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So you’ve found out your pregnant: A guide to the first trimester

Congratulations! I am so happy for you and bet you are excited, stressed, overjoyed and worried all at once… Yep the early days of pregnancy can be quite a rollercoaster and oh so emotionally draining – I know I have been there.
I’ve created this blog as two of the biggest questions I get asked when my patients first fall pregnant are, ‘am I doing anything wrong?’ and ‘what more can I be doing?’. FIRSTLY you are doing such an amazing job of creating a baby, I really want you to enjoy these special early days and weeks no matter what tomorrow brings.
I also want you to avoid trawling endless blogs and poor information online so I have compiled a stack of resources, links, tips and referrals that cover the main areas that my patients ask about in the first few weeks.

Should I be feeling excited just yet?

A reminder I tell all of my patients when they find out they are pregnant is to do their best to remain cautiously optimistic, meaning knowing the facts but erring on the side of glass half full. Pregnancy loss occurs in approx 1/5 pregnancies in the first trimester, our body is intelligent and knows to not progress with a pregnancy if there are chromosomal or implantation complications along the way. We use this knowledge as power but try to not let it overtake our optimism. I’ve found meditation to be really good at helping patients to keep present and not think too far forward.

Should I be feeling different?

For many, you may feel slight fatigue and nothing more, for others you may have light sensations in the pelvic area, bloating, intense fatigue and nausea. There are a range of different experiences. If however you experience intense pain, bleeding or have cause for concern you should contact your GP or specialist immediately.
It is normal to feel no changes in the first few weeks of pregnancy.

What should I be eating?

Generally, you can continue with a normal wholefood diet with a few exceptions. There are foods to avoid in pregnancy, here is what to avoid. We also recommend ensuring an intake of approx 80gm protein daily, wholefood carbohydrates and good oils from oily fish, avocado, nuts & seeds IF and only if you are not experiencing nausea, then eat what you can. For more on balanced eating look at our blog here.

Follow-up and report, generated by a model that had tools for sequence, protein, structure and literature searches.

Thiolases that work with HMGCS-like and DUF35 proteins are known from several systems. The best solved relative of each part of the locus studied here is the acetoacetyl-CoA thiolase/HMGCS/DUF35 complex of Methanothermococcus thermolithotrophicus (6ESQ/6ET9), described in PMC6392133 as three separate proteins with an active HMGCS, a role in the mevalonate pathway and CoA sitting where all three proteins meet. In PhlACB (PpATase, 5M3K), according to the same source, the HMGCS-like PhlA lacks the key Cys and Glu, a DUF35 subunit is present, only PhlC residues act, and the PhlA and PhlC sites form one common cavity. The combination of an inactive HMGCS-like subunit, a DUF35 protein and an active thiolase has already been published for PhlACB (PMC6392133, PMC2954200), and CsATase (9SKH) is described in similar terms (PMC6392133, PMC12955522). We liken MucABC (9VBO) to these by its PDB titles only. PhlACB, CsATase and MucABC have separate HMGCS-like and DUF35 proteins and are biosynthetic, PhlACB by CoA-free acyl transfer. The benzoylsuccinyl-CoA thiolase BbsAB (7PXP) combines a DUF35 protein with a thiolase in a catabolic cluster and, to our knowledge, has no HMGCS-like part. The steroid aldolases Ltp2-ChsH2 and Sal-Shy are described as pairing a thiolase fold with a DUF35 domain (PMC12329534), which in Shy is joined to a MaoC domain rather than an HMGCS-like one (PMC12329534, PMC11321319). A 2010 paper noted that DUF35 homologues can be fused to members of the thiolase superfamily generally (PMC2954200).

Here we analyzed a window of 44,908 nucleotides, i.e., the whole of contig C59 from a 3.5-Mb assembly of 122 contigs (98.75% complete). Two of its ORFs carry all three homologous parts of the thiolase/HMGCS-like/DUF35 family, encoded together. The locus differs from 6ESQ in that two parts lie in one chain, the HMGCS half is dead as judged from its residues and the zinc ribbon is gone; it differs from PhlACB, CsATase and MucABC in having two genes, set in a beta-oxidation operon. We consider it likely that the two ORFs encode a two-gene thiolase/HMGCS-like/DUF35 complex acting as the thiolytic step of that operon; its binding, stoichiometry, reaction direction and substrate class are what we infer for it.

Should I be exercising?

Yes. Regular moderate-intensity exercise is protective against many pregnancy-related complications and can provide some of the best support of mental health in early pregnancy. Walking, gentle weight-bearing activity and light cardio are encouraged. Read this blog on safe exercise in pregnancy and what to avoid.
If you don’t feel up for doing much that is okay, a short walk around the block may be enough for you that day.

How can I help to reduce the anxiety I am feeling around my pregnancy?

Anxiety in pregnancy can be debilitating for some, we feel you. Ways you can reduce anxiety or excessive worry is to spend time outdoors each day, confide in a loved one, rest as much as you need and meditate when you are feeling strong emotions. I’ve written a blog (possibly my most important one yet!) on mental health resources for pregnancy and beyond which has some fantastic resources for the wide range of emotions you may experience in pregnancy including anxiety, you can check it out here.
We also recommend Gidget Foundation, COPE and PANDA for fantastic resources and information on supporting mental health in pregnancy.
Also talk to your health professional about safe options for reducing anxiety eg. magnesium, psychology sessions, medication.

How can I better manage my nausea?

Pregnancy nausea is hard, physically and emotionally so firstly we commend you for getting through it so far! We have lots of tips on reducing pregnancy nausea and recipes too, take a look here.

What supplements are safe for me to take?

It is always important to check in with your prescribing practitioner but in general, it is safe to take or continue taking:
– A pregnancy multivitamin- CoQ10- NAC- Vitamin D – Magnesium- Fish oil- Probiotics
We advise you to speak with your naturopath or health professional about the right dose and protocol for you.
Cease all herbal medicine tinctures and tablets unless prescribed by your naturopath specifically for pregnancy. Herbal teas are generally safe however we advise you to check in with us before consuming large amounts.

What happens next?

– Pregnancy is confirmed by a blood test that looks at your level of HCG. HCG rises quite dramatically as the pregnancy progresses up until around week 12 when it levels out.

– 6 Week scan: This is your first scan and one that often makes your pregnancy feel more real. It’s known as a dating scan as it determines approx how many weeks pregnant you are. They will also check the fetus’s heart rate.

– You may want to start looking at your options to go private or public, here is a good resource to get you thinking about your options.
Want extra support through your pregnancy? It’s my focus area and I am currently seeing patients.

To book in for a free base chat to see if we are the right fit click here.


Author

Jennifer Ward, Adv dip Nat, BCom Econ, competing Masters Repro Med

Jennifer is a qualified naturopath with a focus on preconception, pregnancy, postpartum

Learn more about Jennifer here

Book a session with Jennifer here

For speaking enquiries on this topic get in touch at hello@halsahealth.com.au

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